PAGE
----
May 10, 2002
by Kathryn Jean Lopez
Instead of interpreting this record as evidence of unhealthy racial preoccupation, the Times depicted Smith as a man of “principle,” explaining that he lived “an ardent credo” of black “self-sufficiency” and “resistance,” and that his actions inside Freddy’s were not criminal per se, but a strange act of suicide in protest against the “institutional force” of white racism.
Amazingly enough, such grotesque fantasies in the press’s race coverage do not even begin to tell the story of America’s press bias. There are perpetual cover-ups and silence on important news regarding women, gays, and immigrants. These, of course, are all areas that have provided plenty of news hooks over the past few decades, but the press somehow never bites.
Among the most damning incidents exposing the media’s dangerous vow of silence is the murder of Jesse Dirkhising (see “Mourning Jesse Dirkhising,” American Outlook, Winter 2000). Dirkhising’s name should be as familiar to Americans as Matthew Shepard’s. But unlike Shepard’s, Dirkhising’s murder didn’t pass the newsroom sensitivity test. In the fall of 1988, Shepard, a gay teenager, was lured from a bar by two men, beaten unconscious, tied to a fence, and left to freeze to death in Wyoming. The vicious attack was rightly condemned and became a national story. Shepard’s murder became synonymous with “homophobia,” and media types even managed to tie it back to political conservatives. A Nexis news database search found over 3,000 stories on the murder in the month after it happened. From the time of Shepard’s murder to the end of the trial of his killers, the New York Times ran 195 stories on the Shepard case. The senselessness of Shepard’s murder made it a national story, but the media didn’t deem Jesse Dirkhising’s horrid murder the next year worthy of similar coverage—or in many cases, any coverage at all.
It was surely as representative of a greater reality as Shepard’s was. Dirkhising was thirteen years old when his two gay neighbors invited him over to their house, drugged him, tied him to a bed, gagged him with his underwear, and duct-taped his mouth shut. They proceeded to rape the boy for two hours in unspeakable ways. When they were through with him, they left him to suffocate.
In contrast to the 3,007 stories in the month after Matthew Shepard’s murder, only 46 stories would appear in the national news about Dirkhising. Many of the major media outlets—both print and television—entirely ignored Dirkhising’s death: the New York Times, Los Angeles Times, CNN, ABC, CBS, and NBC never ran anything about the case. Coverage was confined to conservative media outlets and gay journalist Andrew Sullivan, who wrote about it in the New Republic and on his website (www.andrewsullivan.com). Despite queries from McGowan and defenses by media ombudsmen, “No one admitted the obvious,” McGowan writes, “that the Dirkhising story was too hot to handle because it raised the explosive issue of gay pedophilia and because it threatened the sanctity of the gays-as-victims-script which had attained status of holy writ in the media.”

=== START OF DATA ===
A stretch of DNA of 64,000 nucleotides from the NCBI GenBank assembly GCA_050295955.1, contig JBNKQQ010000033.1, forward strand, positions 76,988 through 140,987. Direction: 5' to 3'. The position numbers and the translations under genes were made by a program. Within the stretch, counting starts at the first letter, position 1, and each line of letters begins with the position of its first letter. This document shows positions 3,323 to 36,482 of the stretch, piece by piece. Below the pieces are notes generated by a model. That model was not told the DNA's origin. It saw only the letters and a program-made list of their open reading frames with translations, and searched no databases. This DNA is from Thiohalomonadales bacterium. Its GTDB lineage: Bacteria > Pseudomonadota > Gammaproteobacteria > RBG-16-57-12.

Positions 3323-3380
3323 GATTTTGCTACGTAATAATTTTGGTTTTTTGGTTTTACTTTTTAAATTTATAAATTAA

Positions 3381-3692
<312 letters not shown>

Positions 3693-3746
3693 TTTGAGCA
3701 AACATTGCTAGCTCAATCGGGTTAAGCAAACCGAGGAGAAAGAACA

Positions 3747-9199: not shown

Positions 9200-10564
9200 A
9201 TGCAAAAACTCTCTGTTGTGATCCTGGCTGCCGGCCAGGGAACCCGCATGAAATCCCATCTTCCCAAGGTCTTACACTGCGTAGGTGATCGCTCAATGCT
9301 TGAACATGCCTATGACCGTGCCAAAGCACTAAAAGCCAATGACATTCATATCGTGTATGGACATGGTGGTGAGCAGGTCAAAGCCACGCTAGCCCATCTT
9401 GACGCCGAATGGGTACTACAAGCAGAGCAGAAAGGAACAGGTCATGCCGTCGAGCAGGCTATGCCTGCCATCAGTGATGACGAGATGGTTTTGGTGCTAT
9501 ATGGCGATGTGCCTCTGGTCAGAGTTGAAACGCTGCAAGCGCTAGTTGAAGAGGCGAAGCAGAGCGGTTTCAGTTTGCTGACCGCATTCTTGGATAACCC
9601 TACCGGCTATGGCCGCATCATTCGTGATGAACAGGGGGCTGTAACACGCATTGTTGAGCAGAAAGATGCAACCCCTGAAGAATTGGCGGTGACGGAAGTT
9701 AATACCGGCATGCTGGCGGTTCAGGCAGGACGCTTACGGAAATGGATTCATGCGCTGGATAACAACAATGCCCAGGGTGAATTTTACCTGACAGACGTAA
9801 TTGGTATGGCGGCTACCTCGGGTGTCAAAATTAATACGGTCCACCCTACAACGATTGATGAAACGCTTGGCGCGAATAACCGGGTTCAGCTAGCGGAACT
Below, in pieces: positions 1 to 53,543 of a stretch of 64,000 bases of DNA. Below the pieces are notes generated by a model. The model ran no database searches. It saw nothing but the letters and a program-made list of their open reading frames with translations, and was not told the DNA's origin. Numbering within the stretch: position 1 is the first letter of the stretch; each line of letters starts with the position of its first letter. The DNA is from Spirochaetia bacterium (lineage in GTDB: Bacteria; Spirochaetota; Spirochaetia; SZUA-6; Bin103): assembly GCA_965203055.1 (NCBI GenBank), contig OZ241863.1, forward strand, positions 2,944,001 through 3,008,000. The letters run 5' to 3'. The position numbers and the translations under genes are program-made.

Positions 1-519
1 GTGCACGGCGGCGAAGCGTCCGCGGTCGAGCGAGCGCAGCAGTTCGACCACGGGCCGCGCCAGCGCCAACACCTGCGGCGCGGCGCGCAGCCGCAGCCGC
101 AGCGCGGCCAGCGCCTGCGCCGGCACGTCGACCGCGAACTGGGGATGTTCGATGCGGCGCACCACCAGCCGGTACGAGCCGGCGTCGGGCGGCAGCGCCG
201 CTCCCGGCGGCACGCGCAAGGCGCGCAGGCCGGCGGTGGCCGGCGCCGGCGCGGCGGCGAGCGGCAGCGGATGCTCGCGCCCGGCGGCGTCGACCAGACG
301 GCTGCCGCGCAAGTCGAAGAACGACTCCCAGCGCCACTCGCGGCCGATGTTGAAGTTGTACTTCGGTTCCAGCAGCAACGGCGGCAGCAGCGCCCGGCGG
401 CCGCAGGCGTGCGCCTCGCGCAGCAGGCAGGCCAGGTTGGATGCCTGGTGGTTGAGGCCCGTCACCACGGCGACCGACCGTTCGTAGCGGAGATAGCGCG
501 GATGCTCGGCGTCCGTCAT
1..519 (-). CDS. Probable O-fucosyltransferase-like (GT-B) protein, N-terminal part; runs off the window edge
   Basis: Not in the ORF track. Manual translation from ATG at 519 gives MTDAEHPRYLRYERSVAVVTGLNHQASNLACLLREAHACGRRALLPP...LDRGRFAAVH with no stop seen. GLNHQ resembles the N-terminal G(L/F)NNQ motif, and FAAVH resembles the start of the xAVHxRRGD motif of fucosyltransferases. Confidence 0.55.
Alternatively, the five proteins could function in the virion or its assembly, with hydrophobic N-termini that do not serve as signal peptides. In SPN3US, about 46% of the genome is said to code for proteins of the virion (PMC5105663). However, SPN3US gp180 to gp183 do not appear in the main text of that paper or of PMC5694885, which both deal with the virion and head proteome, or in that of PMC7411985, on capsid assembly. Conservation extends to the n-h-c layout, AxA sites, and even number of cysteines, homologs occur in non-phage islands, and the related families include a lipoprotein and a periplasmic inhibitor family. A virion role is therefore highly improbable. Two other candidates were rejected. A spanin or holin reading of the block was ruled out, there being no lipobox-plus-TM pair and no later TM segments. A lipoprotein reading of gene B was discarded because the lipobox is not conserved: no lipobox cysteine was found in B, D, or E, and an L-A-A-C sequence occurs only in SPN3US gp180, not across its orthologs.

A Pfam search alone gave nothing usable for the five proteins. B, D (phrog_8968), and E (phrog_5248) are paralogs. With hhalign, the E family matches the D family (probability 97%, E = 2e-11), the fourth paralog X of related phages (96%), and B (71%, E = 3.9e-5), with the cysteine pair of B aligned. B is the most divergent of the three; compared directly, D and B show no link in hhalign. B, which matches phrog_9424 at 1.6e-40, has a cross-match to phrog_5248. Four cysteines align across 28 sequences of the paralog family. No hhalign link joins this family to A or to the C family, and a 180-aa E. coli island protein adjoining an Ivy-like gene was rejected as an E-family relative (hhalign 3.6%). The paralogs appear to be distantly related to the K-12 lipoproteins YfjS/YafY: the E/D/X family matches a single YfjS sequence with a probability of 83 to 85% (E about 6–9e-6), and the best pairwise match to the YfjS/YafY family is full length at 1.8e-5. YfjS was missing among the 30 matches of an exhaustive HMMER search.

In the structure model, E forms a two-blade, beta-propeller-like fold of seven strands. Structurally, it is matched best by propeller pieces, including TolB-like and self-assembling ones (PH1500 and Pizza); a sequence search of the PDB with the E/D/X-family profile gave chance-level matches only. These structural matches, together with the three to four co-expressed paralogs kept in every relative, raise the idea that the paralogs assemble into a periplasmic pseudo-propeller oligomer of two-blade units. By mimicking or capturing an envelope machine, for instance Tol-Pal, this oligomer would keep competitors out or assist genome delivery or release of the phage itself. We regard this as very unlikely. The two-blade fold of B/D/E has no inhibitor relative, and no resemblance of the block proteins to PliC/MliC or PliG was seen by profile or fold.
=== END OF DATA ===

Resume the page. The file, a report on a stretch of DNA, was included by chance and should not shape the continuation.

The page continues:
When it comes to homosexuality, not even an epidemic of death could shake the PC regime. McGowan quotes Elinor Burkett, a journalist who reported on AIDS for the Miami Herald in the 1980s, describing her beat: “The experience reminded me how expendable the truth is when a wider agenda is being pursued. . . . Dozens of stories didn’t make it into the paper or on the air because they might have offended the sensibilities of the PC police.” Burkett refers to the lie the media happily peddled—that AIDs was an equal-opportunity killer—a lie that rapidly killed the very people it sought to protect.
As horrible as these irresponsible failures to accurately report the news have been, there’s much more bias to be found. If you think that feminism’s silliness is irrelevant now that we are knee-deep in a war on terrorism, think again. The same media who have been skeptical of the military since the days of Vietnam have been quite content to take the armed forces at its word when the issue has had anything to do with women, readily accepting the officers’ claims that standards are not being lowered to accommodate female recruits. “Even when journalists have had hooks on which to hang the story of diminished physical standards and their deleterious effects on readiness and morale, they have shown little interest,” McGowan notes. The Navy’s first female pilot assigned to combat duty died in a training accident in October of 1994. The press ran with the Navy’s initial public statement blaming the crash on engine failure, and was quick to silence anyone who might question lowered training standards for women. When the Navy later debunked the engine-failure excuse, few—and no one in the mainstream national press—were on the case. “Even when an important story crops up, such as the sex scandals at the Army’s Aberdeen training grounds,” McGowan writes, “the media is reluctant to grasp the larger implications for gender integration.”